At different temperatures we perceive tastes differently. For example, melted ice cream tastes sweeter than frozen ice cream. Thus, “If you want to use less sugar in cocktails, serve them slightly warmer,” said Tristan Stephenson of London bar Worship Street Whistling Shop.
See also: this recent post on room temperature cocktails.
Executive summary: it keeps longer than you would expect in the refrigerator (definitely longer than normal wine), but if you plan to store an opened bottle longer than a month or so you should probably look into small vacuum sealed packages.
“The Brave" (Tequila, Mezcal, Averna, orange liqueur, with an Angostura mist on the glass) from Anvil in Houston, Texas—an excellent example from the unusual genre of “hotel,” or room temperature, cocktails. Drinks like this are built in a glass without ice, which means they are neither chilled nor diluted but still manage to taste balanced and not feel overly strong. A number of other intriguing recipes along these lines can be found in Maks Pazuniak’s fantastic book “Beta Cocktails" (including Troy Sidle’s highly avant garde "Heart of Glass.”).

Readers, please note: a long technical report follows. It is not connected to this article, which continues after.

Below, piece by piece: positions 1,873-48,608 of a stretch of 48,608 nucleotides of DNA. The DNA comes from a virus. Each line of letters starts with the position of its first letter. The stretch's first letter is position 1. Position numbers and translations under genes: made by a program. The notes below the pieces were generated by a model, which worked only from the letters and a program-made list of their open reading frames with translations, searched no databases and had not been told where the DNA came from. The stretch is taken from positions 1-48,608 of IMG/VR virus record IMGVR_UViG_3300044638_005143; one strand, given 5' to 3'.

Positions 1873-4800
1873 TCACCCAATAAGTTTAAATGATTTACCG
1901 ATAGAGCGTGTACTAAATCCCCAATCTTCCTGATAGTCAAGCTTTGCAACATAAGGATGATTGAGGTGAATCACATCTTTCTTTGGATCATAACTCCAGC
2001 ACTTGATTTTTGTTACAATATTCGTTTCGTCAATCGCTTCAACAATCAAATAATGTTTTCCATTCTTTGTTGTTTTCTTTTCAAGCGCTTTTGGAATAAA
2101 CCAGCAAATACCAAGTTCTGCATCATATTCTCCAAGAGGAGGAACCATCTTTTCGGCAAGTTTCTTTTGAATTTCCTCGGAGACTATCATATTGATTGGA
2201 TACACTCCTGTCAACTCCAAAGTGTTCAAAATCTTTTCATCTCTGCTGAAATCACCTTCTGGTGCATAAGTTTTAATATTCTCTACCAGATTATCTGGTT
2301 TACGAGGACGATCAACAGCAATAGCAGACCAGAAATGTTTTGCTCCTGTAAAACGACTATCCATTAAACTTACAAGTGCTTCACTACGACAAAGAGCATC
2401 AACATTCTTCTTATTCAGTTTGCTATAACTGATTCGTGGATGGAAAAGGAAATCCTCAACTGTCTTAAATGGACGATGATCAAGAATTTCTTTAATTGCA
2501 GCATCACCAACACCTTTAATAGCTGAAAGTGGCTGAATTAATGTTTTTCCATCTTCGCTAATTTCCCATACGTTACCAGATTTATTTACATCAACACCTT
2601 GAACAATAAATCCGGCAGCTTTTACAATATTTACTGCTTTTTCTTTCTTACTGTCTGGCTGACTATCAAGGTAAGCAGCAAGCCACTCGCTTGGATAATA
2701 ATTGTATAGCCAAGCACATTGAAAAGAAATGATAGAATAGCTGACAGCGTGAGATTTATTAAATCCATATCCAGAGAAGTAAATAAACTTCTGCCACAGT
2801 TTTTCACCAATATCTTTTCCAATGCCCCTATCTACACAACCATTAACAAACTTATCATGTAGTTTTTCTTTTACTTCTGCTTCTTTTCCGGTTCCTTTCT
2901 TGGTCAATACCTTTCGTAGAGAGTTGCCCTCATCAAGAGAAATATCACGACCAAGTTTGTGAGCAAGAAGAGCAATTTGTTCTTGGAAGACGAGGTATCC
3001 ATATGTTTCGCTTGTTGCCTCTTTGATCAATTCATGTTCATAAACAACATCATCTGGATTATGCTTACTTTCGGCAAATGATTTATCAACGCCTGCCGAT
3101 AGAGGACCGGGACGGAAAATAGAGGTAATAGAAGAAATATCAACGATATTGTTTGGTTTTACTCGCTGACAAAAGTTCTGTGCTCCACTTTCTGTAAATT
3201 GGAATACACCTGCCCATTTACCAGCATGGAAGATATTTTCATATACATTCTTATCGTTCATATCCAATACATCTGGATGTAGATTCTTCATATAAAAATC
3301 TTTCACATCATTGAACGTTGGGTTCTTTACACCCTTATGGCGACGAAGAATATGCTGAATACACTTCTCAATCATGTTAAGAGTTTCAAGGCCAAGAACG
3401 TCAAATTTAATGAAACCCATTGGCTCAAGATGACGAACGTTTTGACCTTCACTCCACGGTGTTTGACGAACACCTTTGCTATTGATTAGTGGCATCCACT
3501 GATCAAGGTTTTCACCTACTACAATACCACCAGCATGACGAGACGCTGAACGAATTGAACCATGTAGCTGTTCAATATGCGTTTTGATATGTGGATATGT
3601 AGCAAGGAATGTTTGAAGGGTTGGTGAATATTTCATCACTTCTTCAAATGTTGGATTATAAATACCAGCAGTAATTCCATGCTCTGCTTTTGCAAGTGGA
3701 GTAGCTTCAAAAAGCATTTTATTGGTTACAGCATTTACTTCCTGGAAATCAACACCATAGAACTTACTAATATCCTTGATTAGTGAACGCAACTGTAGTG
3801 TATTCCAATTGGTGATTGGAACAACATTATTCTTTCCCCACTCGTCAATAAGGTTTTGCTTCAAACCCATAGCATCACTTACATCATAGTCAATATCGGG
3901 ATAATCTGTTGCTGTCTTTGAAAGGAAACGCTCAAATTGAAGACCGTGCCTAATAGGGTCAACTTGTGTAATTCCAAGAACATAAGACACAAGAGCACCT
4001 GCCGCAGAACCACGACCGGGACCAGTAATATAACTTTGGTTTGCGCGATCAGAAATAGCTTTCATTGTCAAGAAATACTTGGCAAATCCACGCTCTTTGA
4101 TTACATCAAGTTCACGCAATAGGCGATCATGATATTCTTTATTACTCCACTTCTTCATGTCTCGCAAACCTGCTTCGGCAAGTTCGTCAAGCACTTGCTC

Great article on the finer points of blender drinks. You don’t see a lot of technical advice about this oft-maligned style of cocktail.
Conceptually clever use of super-high proof bourbon to invert a Manhattan.
Piña Colada season at The Commodore in Brooklyn.